Dramatic Adaptation Exercise

Dramatic Adaptation Exercise

  1. Select several scenes from Dracula that seem especially significant to the novel or to any of the themes you’d like to investigate (do your best to avoid scenes I’ve already treated extensively in class). If you’re stumped, you can try asking yourself about the “five portals” I’ve offered into Dracula (which scenes are the most horrific? the most erotic? and so on), but allow your intuition free rein here. Which passages stick with you?
  2. We’ll share our scenes during class and use your preferences to form small groups. Each group will handle a single scene (recall our conversations on what makes a scene). Now that we’re transitioning from novel to drama, Dracula–with its long history of adaptation for stage and screen–will serve as the raw material for your own adaptations.
  3. Once your groups have formed, excise your scenes from our digital text of the novel and post them in your collaborative space. Using your hypothes.is accounts, you and your teammates can now “mark up” your scene as you prepare it for adaptation.
  4. Identify a destination medium. In other words, what sort of dramatic work will your adapted scene serve? Options include a stage play, film, teleplay, web series, commercial, video game, digital app, or any other “dramatic” adaptation you can imagine. We obviously aren’t adapting the entire novel, so think about your scene as a small section of a larger, imaginary whole.
  5. Your annotations should address a few questions: What can be changed? How? What needs to remain the same? Why? Think back to the sample scene I offered in class. What’s essential about your scene? What does it contribute to the narrative as a whole?
  6. Throughout this process, you’ll need to bear in mind (and, ultimately, to account for) the elements of drama we’ve already covered during our discussions of The Seagull and The Pillowman: the dramatis personae, setting, directions, speech, effects, and property list.
  7. Each group will be responsible for sharing in stages:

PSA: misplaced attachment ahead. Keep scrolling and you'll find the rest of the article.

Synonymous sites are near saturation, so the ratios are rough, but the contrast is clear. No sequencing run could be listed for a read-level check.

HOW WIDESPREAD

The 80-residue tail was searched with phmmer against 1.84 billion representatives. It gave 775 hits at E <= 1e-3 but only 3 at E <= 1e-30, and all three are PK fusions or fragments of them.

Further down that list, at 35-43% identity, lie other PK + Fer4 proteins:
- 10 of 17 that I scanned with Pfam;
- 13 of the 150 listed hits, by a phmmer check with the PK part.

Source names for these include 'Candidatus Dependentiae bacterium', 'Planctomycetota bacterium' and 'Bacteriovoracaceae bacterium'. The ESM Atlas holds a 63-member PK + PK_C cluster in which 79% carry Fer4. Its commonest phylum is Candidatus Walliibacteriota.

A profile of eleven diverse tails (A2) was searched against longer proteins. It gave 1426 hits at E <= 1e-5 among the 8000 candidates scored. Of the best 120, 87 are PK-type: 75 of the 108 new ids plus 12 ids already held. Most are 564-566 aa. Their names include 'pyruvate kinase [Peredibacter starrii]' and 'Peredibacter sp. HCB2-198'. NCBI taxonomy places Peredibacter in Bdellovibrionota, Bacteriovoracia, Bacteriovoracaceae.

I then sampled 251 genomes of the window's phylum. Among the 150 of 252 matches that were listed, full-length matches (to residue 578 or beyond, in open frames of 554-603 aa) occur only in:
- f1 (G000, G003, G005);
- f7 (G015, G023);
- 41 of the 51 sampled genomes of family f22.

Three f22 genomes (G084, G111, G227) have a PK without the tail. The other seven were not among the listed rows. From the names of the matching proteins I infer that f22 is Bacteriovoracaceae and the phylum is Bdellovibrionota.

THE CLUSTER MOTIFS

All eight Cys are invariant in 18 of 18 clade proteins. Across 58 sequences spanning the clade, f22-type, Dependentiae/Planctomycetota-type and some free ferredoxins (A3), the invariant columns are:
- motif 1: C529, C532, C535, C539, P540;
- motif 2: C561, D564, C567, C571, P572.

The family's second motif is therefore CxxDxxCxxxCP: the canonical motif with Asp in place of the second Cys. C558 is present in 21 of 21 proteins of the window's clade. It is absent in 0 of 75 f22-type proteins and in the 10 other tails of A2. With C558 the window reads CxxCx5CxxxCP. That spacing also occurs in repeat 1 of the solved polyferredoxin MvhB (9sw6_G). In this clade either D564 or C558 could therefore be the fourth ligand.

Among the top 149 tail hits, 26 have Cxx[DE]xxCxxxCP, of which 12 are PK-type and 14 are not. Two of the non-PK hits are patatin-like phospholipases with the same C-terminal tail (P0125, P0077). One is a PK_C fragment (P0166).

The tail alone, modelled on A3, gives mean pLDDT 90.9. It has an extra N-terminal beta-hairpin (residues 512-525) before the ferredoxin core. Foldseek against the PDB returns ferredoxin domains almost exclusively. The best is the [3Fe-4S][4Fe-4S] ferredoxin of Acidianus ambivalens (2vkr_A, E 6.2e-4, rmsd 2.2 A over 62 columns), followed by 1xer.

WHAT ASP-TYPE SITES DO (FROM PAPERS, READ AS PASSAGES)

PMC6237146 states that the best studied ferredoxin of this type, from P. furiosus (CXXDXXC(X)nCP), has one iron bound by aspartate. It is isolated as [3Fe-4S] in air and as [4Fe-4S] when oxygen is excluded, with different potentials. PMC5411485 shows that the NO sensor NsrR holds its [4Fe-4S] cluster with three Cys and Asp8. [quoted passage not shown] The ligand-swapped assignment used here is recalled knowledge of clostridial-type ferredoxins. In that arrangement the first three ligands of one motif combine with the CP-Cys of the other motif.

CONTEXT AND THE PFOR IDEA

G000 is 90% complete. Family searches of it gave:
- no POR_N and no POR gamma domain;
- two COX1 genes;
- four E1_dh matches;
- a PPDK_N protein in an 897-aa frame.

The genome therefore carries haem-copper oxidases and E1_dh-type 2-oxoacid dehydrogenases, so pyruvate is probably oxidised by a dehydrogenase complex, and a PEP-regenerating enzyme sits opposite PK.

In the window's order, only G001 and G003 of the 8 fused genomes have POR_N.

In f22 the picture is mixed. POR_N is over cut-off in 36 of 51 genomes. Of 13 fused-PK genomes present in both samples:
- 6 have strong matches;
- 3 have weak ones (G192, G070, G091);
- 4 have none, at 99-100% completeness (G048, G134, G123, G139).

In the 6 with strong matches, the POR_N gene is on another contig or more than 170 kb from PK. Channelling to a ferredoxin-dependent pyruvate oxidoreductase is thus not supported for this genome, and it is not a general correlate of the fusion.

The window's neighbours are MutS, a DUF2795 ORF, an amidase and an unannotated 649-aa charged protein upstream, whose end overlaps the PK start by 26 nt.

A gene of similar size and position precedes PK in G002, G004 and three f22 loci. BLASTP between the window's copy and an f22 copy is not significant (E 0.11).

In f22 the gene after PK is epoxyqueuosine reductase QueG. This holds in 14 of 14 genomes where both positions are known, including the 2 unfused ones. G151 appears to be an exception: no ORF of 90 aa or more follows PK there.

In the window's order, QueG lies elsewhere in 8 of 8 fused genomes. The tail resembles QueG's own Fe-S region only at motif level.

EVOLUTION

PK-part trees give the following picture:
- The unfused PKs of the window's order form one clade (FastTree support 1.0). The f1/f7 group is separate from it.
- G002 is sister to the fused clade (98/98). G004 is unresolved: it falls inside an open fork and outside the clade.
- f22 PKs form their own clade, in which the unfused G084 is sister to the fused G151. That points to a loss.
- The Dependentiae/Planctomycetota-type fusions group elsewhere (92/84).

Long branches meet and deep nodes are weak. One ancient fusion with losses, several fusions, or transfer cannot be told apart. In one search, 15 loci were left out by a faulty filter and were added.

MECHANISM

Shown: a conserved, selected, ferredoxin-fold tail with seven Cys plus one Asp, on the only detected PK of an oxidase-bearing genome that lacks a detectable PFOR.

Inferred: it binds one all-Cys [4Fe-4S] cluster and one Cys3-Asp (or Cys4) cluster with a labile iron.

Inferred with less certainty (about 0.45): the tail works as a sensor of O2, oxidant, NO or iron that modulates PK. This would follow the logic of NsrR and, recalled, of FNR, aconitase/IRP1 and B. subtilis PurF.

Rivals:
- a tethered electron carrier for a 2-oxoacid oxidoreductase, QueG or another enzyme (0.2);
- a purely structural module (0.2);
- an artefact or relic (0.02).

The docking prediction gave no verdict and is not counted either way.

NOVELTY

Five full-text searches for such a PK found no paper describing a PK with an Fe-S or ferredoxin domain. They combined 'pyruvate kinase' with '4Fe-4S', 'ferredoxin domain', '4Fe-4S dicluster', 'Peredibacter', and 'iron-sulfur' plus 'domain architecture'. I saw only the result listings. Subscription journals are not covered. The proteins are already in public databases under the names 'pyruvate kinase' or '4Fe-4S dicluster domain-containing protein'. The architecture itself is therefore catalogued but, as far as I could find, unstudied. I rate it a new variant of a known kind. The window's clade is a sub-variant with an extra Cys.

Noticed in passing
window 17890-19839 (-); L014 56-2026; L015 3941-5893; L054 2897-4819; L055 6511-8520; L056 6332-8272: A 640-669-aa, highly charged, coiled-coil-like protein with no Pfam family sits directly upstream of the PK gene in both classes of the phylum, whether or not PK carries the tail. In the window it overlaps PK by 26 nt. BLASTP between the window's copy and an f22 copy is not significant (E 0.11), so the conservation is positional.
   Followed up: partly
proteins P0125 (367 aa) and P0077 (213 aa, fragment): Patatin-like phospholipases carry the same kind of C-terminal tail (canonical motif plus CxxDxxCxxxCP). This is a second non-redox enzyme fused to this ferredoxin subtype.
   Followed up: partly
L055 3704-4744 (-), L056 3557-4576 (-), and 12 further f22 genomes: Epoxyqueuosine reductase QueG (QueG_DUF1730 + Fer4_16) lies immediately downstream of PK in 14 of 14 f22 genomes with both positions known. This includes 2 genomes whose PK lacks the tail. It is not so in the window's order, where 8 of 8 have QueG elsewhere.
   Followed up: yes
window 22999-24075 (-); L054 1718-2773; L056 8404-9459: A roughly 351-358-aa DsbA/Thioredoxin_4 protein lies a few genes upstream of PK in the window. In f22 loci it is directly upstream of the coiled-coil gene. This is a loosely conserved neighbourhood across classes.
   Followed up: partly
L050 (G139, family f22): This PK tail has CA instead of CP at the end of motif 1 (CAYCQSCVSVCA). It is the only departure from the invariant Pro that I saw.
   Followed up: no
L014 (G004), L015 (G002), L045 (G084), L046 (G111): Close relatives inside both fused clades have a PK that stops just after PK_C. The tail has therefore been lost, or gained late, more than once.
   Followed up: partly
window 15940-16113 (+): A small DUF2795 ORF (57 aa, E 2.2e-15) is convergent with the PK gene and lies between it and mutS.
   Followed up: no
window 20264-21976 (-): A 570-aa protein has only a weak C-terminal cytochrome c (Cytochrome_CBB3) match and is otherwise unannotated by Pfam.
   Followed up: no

1. Tell us about your scene and the format for which you’re adapting it (big-budget Hollywood film, off-Broadway play, episode in a YouTube web series, level in a video game, etc.).
    2. Explain to the rest of the class what you’re changing, what you’re keeping the same, and why.
    3. Decide on the best way to present your vision to the rest of us. This could involve storyboarding a television spot, drafting a film treatment, writing a script, producing a video, or acting out your scene. Use the tools available through our website, draw on the diverse talents in our class, and always feel free to ask for help.


  1. Adrian, this was a lot of fun to read and began to spark some ideas for some of my teaching. I know you may not have designed this with online teaching in mind, but I’m curious how you’d anticipate students submitting the final product (the choices in 7C) in the distance learning format.

  2. What a wonderful assignment. I really like how this brings in group work as well as multimodal work. To Katherine’s comment about 7C, it seems to me that the only thing that would change with regard to distance learning would be that any video or acting out may have to be done via a group video conference system such as Zoom or BB Collaborate.

    As a side note, since you are using Dracula, you may be interested to know that I have a friend who has written a series of books about an African-American vampire, and he won several awards in the 2019 African-American Literary Awards. He was a guest speaker for one of my classes on zoom, and they really enjoyed it. In case you’re interested in having a look, here is his website: https://brookwaterscurse.com/steven-van-patten/

    This is a marvelous assignment. I’m sure your students get a lot out of doing this.

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